fueled by touchdowns

Football has lived a long and sordid history, evidenced by the fact we sometimes still refer to it as “pigskin.” But were footballs ever truly stitched together from hog hides? Are they still? The answer is more than skin deep. American football is a hybrid of Native American sports and British rugby, and the earliest versions indeed saw players blowing up animal bladders — often from pigs — with their mouths. Ew.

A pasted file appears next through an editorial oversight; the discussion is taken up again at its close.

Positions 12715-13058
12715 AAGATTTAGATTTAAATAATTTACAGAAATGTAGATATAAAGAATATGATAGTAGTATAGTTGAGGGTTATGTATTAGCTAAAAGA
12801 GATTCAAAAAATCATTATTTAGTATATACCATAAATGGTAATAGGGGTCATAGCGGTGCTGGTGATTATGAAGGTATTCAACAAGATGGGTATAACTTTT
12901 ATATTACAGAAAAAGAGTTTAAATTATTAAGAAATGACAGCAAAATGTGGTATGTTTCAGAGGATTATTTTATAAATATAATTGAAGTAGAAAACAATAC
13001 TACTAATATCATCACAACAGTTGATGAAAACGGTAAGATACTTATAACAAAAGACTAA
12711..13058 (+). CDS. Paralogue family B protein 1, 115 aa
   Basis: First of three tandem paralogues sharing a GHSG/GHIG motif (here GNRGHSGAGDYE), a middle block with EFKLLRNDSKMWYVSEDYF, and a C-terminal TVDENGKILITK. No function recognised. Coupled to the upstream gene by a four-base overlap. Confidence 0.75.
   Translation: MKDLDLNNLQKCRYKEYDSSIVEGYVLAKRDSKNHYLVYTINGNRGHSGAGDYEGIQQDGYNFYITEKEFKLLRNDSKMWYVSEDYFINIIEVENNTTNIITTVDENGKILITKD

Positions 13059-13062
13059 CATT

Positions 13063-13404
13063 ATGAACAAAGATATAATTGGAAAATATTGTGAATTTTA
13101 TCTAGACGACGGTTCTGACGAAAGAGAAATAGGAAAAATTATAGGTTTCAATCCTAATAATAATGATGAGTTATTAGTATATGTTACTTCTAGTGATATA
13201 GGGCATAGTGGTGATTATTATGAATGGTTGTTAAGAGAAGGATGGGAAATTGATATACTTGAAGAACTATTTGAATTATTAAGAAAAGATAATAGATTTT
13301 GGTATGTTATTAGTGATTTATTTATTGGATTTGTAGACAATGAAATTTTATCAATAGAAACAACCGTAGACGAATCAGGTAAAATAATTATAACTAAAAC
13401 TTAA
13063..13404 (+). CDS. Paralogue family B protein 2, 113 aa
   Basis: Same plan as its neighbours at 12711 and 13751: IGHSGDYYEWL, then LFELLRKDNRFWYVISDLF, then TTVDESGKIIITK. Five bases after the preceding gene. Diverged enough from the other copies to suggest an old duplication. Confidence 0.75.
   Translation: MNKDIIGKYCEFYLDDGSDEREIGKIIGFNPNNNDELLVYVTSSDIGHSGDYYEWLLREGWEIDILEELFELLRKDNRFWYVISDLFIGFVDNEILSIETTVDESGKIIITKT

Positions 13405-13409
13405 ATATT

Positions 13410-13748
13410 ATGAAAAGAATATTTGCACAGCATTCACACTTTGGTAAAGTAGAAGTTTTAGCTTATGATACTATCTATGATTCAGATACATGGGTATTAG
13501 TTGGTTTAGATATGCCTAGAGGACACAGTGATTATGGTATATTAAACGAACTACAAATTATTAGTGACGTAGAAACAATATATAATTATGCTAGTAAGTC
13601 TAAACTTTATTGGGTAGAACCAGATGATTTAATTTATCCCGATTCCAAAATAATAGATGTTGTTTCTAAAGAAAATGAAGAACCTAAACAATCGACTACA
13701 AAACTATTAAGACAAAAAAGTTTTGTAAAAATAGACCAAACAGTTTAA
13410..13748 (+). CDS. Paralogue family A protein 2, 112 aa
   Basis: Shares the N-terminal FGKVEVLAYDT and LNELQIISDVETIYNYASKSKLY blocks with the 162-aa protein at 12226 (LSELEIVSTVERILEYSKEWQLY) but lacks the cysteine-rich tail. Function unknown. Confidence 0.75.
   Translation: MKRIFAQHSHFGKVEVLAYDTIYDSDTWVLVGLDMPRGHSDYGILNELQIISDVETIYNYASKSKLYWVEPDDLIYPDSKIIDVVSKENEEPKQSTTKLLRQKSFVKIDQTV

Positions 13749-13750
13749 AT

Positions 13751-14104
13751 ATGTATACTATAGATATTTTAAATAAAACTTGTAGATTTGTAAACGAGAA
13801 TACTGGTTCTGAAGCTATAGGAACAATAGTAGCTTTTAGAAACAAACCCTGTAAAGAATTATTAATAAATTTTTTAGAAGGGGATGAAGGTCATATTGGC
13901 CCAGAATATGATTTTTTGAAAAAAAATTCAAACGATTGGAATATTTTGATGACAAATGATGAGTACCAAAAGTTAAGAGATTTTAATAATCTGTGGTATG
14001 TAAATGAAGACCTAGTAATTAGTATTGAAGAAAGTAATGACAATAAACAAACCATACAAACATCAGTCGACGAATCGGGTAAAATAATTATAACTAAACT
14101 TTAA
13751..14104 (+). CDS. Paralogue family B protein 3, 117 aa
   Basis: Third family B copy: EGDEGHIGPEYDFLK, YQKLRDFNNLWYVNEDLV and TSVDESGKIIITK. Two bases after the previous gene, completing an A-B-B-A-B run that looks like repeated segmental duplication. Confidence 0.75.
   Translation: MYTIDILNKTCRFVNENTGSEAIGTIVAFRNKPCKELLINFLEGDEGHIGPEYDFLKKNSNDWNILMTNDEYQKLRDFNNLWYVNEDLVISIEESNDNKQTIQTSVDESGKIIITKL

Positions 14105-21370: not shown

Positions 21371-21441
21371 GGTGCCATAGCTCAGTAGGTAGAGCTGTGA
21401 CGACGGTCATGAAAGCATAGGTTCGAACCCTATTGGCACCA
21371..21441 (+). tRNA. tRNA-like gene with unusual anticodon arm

But these didn’t hold air that well. Players tried stuffing them with straw but that made the shape oblong and changed the weight completely.

So as the sport evolved, so did the ball.

With the invention of vulcanized rubber in the mid-1840s, the trajectory of sports — namely football, basketball and soccer — was forever altered.

While a significant number of footballs today are completely constricted from petroleum-based materials — a more affordable, resilient and “grip-able” choice — college and professional players use a ball whose panels come from cowhide. However, the stitching, laces and internal lining (still referred to as its bladder) are supremely synthetic.

The fastest pass ever recorded was 60 MPH.



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